11 November 2010

Cornish hen in a salt dome

I was very disappointed this weekend to discover that Iowa Meat Farms doesn't routinely stock squab. Go figure.

What's a guy to do when he's planned to make squab, but there is no squab to be had?  Apparently, the answer is Cornish hen.  Oh yeah, baby.

Raw cornish hen

And conveniently, one of my favourite bloggers, Hank Shaw, has recently posted a recipe for a small bird cooked in a salt dome.  I love salt.  I love domes.  Done:
3 tbsp olive oil
2 Cornish hens
2 sprigs of fresh rosemary
bunch of fresh thyme
1 tsp black pepper
2 tsp sweet paprika
2 pounds kosher salt
Remove the completely thawed hens from the fridge thirty minutes prior to cooking. Preheat your oven to 400°F. Dry off the Cornish hens. Heat the oil over high heat in a large pan, and brown the hens in the hot oil on all sides.

Browning cornish hen

Mix enough water with the salt to create a slurry of salt that can be packed. If you add too much water, just add more salt. You want a nice soft clay texture, not a mushy soup.

Lay down a layer of half an inch of salt on the bottom of a baking pan.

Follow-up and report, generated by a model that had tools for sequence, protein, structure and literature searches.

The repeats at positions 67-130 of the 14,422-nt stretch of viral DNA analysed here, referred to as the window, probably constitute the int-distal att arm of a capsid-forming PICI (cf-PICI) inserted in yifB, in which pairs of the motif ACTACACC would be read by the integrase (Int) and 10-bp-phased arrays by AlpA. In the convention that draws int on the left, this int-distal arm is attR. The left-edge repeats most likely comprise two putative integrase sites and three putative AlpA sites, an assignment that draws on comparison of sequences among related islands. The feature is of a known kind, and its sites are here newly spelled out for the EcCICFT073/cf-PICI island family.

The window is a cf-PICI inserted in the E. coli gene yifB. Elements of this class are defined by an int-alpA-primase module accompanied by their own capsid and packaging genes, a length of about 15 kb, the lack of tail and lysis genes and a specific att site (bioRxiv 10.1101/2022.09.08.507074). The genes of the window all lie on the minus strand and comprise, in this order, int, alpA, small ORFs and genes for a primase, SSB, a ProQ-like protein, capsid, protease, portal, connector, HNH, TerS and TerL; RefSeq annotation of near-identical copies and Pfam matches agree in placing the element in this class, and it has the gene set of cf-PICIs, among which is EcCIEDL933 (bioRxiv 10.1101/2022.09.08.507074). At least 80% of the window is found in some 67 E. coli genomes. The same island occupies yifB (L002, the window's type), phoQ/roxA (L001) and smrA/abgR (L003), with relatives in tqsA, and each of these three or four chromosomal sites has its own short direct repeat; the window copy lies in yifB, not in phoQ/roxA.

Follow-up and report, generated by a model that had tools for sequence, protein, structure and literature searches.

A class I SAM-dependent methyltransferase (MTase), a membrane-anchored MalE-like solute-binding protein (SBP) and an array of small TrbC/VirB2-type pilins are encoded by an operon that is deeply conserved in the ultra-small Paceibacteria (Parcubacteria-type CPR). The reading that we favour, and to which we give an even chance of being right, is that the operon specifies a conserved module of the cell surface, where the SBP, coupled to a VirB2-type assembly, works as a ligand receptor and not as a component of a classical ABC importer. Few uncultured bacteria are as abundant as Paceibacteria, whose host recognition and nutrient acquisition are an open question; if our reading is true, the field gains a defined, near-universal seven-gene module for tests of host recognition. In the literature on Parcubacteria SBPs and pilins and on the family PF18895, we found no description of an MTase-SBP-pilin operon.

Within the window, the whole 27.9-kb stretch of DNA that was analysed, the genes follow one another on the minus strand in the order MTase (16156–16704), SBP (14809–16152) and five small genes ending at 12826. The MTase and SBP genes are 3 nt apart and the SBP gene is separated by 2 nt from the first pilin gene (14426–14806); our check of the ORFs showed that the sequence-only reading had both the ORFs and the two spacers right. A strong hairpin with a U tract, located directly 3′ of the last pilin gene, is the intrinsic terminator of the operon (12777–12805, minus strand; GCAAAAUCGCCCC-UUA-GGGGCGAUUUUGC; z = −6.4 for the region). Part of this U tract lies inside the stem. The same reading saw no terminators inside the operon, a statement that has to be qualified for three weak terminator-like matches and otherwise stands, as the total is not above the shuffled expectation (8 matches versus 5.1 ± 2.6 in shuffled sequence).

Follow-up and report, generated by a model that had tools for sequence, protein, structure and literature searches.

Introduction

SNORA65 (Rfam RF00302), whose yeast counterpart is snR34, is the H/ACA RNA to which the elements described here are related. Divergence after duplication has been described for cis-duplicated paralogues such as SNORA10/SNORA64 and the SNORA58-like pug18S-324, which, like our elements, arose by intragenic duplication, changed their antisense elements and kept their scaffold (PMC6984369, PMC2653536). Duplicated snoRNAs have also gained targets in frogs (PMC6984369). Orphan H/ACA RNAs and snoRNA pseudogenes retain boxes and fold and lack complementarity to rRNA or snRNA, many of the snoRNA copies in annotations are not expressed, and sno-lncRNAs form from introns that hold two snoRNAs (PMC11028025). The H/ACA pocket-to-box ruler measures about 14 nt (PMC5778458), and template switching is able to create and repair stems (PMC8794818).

Season the Cornish hens with the paprika and pepper.  Stuff the insides of the hens with the rosemary and thyme.  And pack 'em in the salt.  You want to cover them with at least half an inch of salt.

Bake 'em for about 40 minutes.

Salt dome hen

 Remove from oven, and after resting a few minutes, crack off the salt dome, now hardened into a contiguous crust.

Cooked hen

Brush off the excess salt with a basting brush, carve and serve.

I will merely quote Mrs. Dude: "Oh my! The rosemary! This is amazing!" Thanks, Hank.


Hunter Angler Gardener Cook said...

Looks great! Glad you tried this with Cornish hens, too. I rarely use them these days, but cooked them a lot years ago.


Bbq Dude said...


Thanks! It was good fun doing this with Cornish hens. In addition to a tasty meal, it's quite a show to crack open a salt crust over the meat in front of guests.

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